The Washington Post has an interesting article about current Washington Capitals owner Ted Leonsis. It contains interesting insights about owing a professional sports team. Leonsis, like most other professional sports team owners, made his fortune in a business unrelated to sports (Leonsis was a president at America Online when that company was an internet powerhouse in the early 1990s) and purchased the Caps for $85 million. The article makes it clear that his career as a successful executive at AOL did nothing to prepare him for the experience of owning a professional sports team. He discusses the hard lesson he had to learn about problems with signing high profile free agents (in his case, Jaromir Jagr) that many other team owners never seem to learn. I’m looking at you, Dan Snyder.
Leonsis characterizes professional sports teams as “a small business. Small revenue, but with a disproportionately big impact on a community.” I think that quote captures the central conundrum that plagues the relationship between teams and cities when it comes to bargaining over the public provision of sports facilities in North America. The article claims that the Caps have lost $100 million since Leonsis bought them. I find it hard to believe any claim of losses made be a team owner, but Leonsis is not lobbying for any government handouts so he has no external motive to claim these losses (although he might have internal, tax related motivations for taking accounting losses on the Caps).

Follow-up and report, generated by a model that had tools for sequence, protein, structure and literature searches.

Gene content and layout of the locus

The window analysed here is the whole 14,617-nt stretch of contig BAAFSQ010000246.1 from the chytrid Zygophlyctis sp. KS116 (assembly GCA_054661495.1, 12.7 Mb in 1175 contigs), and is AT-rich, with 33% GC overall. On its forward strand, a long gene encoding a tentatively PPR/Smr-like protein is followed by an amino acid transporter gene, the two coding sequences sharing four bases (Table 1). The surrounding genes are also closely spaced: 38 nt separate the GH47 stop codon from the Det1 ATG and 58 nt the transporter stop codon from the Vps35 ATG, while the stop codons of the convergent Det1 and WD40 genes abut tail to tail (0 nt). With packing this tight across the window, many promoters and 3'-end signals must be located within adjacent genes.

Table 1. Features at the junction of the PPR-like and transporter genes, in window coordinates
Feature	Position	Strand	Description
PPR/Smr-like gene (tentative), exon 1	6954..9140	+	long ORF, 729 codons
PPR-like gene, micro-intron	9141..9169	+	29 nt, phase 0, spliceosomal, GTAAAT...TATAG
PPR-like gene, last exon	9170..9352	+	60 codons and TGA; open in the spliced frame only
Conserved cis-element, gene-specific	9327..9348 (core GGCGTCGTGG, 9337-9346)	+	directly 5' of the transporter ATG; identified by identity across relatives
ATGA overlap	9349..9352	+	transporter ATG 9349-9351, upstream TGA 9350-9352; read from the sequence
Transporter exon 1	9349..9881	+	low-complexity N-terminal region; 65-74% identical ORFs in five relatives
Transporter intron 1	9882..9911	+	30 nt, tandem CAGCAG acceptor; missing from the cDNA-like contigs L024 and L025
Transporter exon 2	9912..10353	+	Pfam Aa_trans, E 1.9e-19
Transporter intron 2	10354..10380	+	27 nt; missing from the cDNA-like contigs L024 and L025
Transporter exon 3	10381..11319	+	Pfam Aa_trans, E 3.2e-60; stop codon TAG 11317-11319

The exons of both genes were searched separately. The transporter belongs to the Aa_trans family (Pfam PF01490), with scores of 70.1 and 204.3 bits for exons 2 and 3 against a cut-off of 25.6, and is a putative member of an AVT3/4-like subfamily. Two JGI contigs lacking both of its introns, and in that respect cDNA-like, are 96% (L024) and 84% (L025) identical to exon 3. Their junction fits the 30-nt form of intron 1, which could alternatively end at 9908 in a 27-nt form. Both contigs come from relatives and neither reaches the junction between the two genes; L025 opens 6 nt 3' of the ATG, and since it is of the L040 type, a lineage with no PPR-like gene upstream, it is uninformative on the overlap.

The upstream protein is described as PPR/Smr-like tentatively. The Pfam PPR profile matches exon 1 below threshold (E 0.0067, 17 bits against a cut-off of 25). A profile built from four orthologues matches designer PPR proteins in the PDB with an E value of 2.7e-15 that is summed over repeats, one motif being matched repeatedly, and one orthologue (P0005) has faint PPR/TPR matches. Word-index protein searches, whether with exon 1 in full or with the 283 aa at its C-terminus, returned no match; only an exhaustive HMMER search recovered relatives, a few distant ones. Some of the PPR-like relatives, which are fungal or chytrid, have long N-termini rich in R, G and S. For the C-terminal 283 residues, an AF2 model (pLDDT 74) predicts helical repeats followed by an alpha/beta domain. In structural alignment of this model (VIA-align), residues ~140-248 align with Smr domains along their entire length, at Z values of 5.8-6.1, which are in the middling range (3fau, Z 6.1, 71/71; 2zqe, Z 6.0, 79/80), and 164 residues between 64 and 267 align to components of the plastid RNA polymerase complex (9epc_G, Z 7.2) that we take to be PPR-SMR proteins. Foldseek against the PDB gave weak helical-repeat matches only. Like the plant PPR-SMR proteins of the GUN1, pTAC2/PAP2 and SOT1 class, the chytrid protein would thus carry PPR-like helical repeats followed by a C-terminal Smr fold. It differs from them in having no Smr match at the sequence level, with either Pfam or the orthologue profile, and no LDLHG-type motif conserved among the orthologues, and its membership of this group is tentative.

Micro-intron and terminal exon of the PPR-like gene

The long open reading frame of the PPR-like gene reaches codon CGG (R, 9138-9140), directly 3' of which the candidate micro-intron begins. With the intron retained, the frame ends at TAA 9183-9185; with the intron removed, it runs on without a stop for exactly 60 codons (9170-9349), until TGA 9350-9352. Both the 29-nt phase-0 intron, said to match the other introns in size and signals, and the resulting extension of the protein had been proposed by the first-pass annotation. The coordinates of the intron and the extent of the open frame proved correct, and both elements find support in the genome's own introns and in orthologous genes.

Leonsis is in the final stages of purchasing the Washington Wizards. When that transaction is completed, he’ll join an exclusive group: individuals who own multiple professional sports teams. The other members of that group are Stan Kroenke, who owns the Denver Nuggets, Colorado Avalanche and part of the St. Louis Rams, Jerry Reinsdorf, who owns the Chicago Bulls and White Sox and is trying to buy the Phoenix Coyotes, and Paul Allen who owns the Portland Trail Blazers and Seattle Seahawks.
The article is worth a read.